Sam and I both wanted to see somewhere a little off the beaten track and perhaps more peaceful. So Orchha – meaning ‘hidden place’ – seemed a very attractive option.
After another white knuckle ride into the hills, we met a small charming town – with the bustling rural atmosphere we’d yet to meet in India. We had decided to stay in a homestay organised by a charity. The place was so peaceful and welcoming and we had the sounds of chickens and cows instead of that incessant beeping.
But this wasn’t just an ordinary town, as ordinary as it must seem to it’s inhabitants. Growing out of hills and sprouting out of the river banks were the evocative ruins of palaces and temples, so long a part of the furniture here, that they almost felt like a natural phenomena, like volcanoes or glaciers.
Always in the distance you can pick out the tops of these structures, raised above a foundation of ordinary rural life in India. They’d even built the market into the base of one of the dilapidated temples. It’s a strange sight to behold, like some weird inverse of London. The lifestyle of the people is a polar opposite and instead of the Shard or the Gherkin piercing the sky-line, you have the ruins of a once magnificent kingdom, which you can use as landmarks to navigate around.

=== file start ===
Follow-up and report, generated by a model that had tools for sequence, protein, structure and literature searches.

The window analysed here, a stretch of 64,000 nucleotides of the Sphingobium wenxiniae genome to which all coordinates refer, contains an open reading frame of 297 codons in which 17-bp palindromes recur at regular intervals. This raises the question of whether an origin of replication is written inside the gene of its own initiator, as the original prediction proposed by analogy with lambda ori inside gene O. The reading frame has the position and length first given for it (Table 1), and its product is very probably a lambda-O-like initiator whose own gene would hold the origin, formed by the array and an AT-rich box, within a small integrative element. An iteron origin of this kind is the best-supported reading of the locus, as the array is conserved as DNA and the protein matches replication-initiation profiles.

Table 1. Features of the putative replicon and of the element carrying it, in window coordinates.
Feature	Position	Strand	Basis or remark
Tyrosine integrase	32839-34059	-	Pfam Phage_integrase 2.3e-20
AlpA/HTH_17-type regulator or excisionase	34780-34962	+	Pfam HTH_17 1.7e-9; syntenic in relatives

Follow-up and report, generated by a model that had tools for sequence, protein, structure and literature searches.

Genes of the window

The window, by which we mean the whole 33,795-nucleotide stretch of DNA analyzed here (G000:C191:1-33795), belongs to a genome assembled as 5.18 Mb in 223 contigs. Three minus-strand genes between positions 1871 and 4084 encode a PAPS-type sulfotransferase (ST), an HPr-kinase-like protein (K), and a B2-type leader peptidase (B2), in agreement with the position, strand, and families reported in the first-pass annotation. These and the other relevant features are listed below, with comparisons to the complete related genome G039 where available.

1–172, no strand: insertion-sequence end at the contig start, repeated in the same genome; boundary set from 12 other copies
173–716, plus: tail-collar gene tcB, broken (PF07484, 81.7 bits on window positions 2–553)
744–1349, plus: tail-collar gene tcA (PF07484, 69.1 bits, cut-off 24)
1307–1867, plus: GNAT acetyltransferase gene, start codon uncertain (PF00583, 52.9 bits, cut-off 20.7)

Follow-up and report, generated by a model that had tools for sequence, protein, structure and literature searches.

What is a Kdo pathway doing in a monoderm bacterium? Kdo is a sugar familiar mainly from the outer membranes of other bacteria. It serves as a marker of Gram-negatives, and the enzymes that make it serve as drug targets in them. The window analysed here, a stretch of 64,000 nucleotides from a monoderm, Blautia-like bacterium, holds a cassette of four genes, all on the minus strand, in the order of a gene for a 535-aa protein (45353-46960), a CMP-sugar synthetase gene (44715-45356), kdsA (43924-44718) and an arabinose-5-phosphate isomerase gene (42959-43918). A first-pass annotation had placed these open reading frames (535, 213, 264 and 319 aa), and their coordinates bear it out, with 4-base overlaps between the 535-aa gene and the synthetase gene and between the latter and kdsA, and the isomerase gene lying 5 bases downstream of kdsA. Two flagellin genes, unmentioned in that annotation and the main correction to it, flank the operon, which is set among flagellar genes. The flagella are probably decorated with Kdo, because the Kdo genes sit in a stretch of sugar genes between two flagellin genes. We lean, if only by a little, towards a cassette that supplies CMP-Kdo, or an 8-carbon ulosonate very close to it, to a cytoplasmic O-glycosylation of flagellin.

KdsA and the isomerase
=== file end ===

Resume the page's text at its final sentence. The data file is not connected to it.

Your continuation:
We were able to fully appreciate Indian indifference to health and safety in it’s full majesty, as we had the rare opportunity to explore each elevated walkway, tower and hidden staircase with complete freedom. Steps were crumbled and walkways ended in sheer drops, but always with that spectacular view of rolling hillside and ornate ruins hidden amongst the market town. All of this was open to explore as you wished. I felt like a child, giddy of the excitement of adventuring this colossal palace. It had retained enough of it’s shape and traces of the rich blue tiles, that you could imagine the place in all it’s glory many years ago.
Our temple spotting led us down to the river, filled with families bathing happily and a quick stroll down the ghats led us to complete seclusion (a first and hopefully not last experience in India). We climbed the rocks across the river to sit and watch the world go by and congratulated ourselves on a successful day.
We then met the romantically crumbling Cenotaphs (around 14 in total), towering by the sides of the river. However those nearest the water were heaving with huge mutant wasps, so we dared not venture in. Some of them had been thoughtfully restored and were surrounded by lush and beautifully maintained gardens – yet the insides still had a waspish presence and Sam even spotted a family of vultures nesting in the tall towers.
Orchha was a definite highlight of the trip so far and I truly have no idea why this place doesn’t have the fame it deserves.